Don't Drink Alcohol in Public Spaces!

This is an interesting one because, unlike many countries in the world, it is actually legal to drink alcohol in public places in Japan. Even though it is legal, it is usually frowned upon to be drinking alcohol in public places unless you're at an event with a group of people like a barbecue or hanami (a cherry blossom viewing party). So don't be that foreigner drinking a beer on the train just because you're allowed to, because everyone around you will most certainly be judging you for it.

Public Transportation Do's and Don'ts

· Don't Be Loud!

You'll probably quickly notice that trains in Japan tend to be a lot quieter than in many other countries. This is because it's considered polite to be quiet on public transportation. If you want to talk to someone on the train, try to talk to them quietly.

· Don't Talk on the Phone!

Related to the last tip, talking on the phone on trains or other kinds of public transportation is also rude in Japan, since it can bother others. So try not to make any phone calls while you're riding the train. If someone calls you, you can always quickly answer, say something like, "Sorry, I'm on the train so I'll call you back," and then call them back later.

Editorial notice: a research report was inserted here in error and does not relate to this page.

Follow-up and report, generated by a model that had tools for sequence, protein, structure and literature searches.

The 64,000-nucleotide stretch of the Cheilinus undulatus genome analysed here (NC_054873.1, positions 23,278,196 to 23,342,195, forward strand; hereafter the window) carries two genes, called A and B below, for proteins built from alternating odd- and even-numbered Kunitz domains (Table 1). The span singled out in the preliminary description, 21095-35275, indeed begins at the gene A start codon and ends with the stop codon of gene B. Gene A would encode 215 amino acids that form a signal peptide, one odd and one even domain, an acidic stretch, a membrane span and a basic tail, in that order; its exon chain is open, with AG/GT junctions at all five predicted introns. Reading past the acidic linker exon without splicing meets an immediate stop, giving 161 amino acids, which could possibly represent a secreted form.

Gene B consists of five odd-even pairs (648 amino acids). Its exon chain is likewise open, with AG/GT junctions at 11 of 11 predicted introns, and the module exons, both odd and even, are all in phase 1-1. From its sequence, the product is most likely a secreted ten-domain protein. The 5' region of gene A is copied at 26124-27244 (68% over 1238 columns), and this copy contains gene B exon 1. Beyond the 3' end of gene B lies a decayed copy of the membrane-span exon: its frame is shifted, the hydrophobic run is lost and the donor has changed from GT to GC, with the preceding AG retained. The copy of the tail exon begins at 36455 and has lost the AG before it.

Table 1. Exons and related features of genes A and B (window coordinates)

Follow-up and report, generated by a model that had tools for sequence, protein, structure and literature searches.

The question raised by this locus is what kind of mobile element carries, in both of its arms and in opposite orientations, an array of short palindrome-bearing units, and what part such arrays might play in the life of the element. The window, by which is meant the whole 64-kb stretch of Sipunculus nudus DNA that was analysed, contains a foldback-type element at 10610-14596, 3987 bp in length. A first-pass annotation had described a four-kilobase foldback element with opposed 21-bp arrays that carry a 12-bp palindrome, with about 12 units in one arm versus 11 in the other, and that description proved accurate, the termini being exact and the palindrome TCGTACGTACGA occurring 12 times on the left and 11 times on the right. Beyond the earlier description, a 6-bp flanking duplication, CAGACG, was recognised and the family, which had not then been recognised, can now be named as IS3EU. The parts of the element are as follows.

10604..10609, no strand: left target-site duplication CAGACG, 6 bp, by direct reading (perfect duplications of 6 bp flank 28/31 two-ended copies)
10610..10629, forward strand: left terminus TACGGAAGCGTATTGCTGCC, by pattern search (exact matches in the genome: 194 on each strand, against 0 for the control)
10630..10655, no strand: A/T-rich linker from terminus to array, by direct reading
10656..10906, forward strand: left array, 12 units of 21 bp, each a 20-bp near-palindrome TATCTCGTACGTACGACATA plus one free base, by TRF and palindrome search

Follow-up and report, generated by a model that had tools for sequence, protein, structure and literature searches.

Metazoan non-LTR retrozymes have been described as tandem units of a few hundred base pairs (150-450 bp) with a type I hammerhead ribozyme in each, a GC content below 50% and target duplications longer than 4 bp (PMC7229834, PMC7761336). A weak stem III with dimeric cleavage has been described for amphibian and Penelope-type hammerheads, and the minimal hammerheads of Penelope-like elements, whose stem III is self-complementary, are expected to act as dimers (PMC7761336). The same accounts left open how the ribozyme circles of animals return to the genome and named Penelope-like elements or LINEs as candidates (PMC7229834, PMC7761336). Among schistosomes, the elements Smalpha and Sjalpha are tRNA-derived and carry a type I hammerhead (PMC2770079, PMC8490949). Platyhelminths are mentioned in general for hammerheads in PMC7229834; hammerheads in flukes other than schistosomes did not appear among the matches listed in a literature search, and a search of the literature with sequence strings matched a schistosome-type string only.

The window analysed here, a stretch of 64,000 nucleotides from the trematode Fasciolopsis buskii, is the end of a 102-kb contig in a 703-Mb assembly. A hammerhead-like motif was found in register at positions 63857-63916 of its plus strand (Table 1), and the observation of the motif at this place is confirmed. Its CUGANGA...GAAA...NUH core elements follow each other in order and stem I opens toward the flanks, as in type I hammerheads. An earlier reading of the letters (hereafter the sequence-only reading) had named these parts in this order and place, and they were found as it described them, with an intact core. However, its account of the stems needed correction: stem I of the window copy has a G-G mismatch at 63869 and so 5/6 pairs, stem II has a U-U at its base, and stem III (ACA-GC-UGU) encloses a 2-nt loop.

· Do Give Up Your Seat!

Like many countries in the world, all trains, buses, and public transportation in Japan have clearly labeled priority seats for the elderly, pregnant women, parents with babies or very young children, and people with disabilities. If the train is not full it is okay to sit in these priority seats, but be sure to give up your seat as soon as someone who needs it comes along. If the train is especially crowded, you should give up your seat to someone who needs it more than you even if you are in a regular seat.

Japanese Business Etiquette

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Do Be Punctual!

Just as trains are almost always on time in Japan, so too are people expected to be punctual. In Japan, being "on time" usually means arriving at least 10 minutes before you are expected to, be it at the start of a workday, for a meeting with clients, or any other situation. Part of the reason that trains in Japan are so punctual is because of this necessity to always be early for anything.

It's considered rude to keep people waiting, especially in business, so always make sure that you have ample time to get where you need to be in case there is some kind of unexpected delay or problem on your way there. If you absolutely can't avoid being late, be sure to contact your work or whoever you are meeting with as early as possible to avoid being rude and making the situation worse.